I’ve gotten swept away in preparations for the two Shetland-wool-specific retreats that I’ll be facilitating in the San Juan Islands of Washington State during the first two weeks in November. There’s a lot to do: the fact that I enjoy the activities doesn’t shorten the hours required to complete all the related tasks. Fortunately I have help this year with a number of the administrative details, so I can focus on the wools and the plan and the written materials.
Nonetheless, the intervals between my blog posts have gotten stretched out again.
Here’s what I think will be a quick post, about some of the yarns and fibers that I “met” during my recent travels in Iceland and Shetland.
First, it’s generally my practice to acquire natural-colored skeins of representative yarns for sampling and the archives. One of these excursions, however, involves COLOR! Brace yourself. Second, I haven’t swatched up everything that I obtained to sample, and I didn’t get “one of everything,” either. I only packed home things that posed the most intriguing questions or possibilities.
When the participants in the North Atlantic Native Sheep & Wool Conference toured the Ístex factory in Iceland, several of us asked repeatedly whether the Einband, or laceweight yarn, was spun from the same fiber mix as the other all-Icelandic-wool yarns, like Léttlopi, Álafasslopi, Bulkylopi, and the unspun Plötulopi. It feels a good deal coarser. We were equally repeatedly assured that it was spun from identical wool, and that it would soften up when washed.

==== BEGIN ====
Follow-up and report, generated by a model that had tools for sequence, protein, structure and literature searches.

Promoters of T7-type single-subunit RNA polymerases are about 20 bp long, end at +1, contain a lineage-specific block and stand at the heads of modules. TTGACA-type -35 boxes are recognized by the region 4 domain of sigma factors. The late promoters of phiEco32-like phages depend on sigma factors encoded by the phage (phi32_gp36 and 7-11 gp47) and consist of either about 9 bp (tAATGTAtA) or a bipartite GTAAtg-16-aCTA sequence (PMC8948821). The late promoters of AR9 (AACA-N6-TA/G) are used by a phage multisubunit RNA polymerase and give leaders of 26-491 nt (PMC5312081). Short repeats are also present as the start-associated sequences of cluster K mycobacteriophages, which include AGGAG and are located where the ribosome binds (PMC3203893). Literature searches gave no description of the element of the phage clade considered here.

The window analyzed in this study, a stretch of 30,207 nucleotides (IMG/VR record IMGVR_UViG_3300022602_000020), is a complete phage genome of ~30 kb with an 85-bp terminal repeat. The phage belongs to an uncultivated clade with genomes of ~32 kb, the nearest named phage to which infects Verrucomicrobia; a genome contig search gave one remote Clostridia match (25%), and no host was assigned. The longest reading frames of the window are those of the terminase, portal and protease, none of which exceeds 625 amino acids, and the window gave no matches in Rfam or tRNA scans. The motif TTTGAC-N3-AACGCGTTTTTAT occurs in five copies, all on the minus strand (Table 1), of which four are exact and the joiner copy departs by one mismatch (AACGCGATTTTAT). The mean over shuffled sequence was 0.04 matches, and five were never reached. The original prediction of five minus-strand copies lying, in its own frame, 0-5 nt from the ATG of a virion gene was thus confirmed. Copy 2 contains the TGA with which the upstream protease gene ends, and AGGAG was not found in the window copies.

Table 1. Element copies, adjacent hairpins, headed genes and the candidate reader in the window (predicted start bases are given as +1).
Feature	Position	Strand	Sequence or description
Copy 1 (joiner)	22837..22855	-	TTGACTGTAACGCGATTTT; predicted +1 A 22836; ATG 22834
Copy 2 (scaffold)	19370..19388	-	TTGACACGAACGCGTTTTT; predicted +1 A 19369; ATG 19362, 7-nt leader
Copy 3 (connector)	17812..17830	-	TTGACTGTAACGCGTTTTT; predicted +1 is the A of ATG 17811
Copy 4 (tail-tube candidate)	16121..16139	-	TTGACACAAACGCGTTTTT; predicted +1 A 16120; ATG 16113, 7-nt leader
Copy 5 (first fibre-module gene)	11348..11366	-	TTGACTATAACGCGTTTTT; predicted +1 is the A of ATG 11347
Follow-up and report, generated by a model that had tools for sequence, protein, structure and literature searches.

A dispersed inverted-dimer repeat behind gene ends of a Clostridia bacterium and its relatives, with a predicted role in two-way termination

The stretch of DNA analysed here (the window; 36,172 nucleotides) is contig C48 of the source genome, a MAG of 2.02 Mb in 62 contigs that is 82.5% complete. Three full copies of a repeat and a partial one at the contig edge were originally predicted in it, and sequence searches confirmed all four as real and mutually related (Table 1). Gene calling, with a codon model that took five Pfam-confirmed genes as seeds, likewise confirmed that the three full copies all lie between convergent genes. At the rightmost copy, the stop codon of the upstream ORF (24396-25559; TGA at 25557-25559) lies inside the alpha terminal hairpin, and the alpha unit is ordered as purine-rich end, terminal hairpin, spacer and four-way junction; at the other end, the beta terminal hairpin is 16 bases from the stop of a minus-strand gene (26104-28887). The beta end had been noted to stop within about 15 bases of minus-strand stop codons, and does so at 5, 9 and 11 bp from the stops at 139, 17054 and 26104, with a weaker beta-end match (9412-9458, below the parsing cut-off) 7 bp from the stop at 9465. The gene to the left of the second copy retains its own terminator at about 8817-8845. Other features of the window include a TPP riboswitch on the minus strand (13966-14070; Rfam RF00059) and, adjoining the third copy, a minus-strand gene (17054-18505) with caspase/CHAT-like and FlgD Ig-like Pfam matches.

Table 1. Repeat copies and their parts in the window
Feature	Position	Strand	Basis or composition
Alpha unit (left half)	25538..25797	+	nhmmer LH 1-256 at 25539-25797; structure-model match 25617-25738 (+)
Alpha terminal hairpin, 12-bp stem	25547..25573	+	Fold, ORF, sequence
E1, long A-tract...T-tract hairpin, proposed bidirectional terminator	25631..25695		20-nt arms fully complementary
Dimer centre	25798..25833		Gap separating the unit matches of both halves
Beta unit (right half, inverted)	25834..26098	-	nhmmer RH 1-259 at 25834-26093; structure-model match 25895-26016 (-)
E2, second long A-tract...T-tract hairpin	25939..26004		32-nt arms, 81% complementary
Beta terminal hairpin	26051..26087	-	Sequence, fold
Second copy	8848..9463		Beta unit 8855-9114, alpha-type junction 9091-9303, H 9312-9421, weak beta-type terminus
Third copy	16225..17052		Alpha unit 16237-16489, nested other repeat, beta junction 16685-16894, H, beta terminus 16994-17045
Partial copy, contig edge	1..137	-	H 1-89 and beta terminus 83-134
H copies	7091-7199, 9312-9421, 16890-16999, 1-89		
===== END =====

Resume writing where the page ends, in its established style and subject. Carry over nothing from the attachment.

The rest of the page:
We all found that a bit hard to believe. So of course I bought a skein and I ran the yarn through my usual series of tests: an approximately 4-inch (10cm) square in stockinette, followed by an approximately 6-inch (15-cm) square in a pattern stitch.
I washed them.
The results, although not extremely soft, were indeed a good deal softer than I had any reason to expect. Veering from my standard practice, I knitted two small stockinette swatches that I left unwashed and attached to the corners of the “real” swatches for ongoing tactile comparison.
Even with the mix of under- and outercoats, and the subsequent slightly hairy surface, stitch definition is quite clear in the comparatively complex Japanese pattern that I decided would be interesting to try out.
(Japanese pattern book, I think the one with 300 patterns, must go look it up. #164.)
I also purchased, but have not yet spun, a carded batt of Icelandic Leadersheep wool. This is because I liked the color, and I like the Leadersheep. A lot. (Here’s a 9-minute video. If that’s not enough, part 2 has another 9 minutes.)
Looking forward to this one.
I’ve already shared the Plötulopi swatches.
No, I didn’t go to Greenland, but the Greenlanders came to Iceland for the conference and brought wool with them. Greenlandic sheep are closely related to Icelandic sheep, because that’s where a lot of their bloodlines originated.
Nice yarn, great texture, lofty, promising durability.
My patterned swatch. . . .
(Barbara Walker 2, German Herringbone Rib, p. 124.)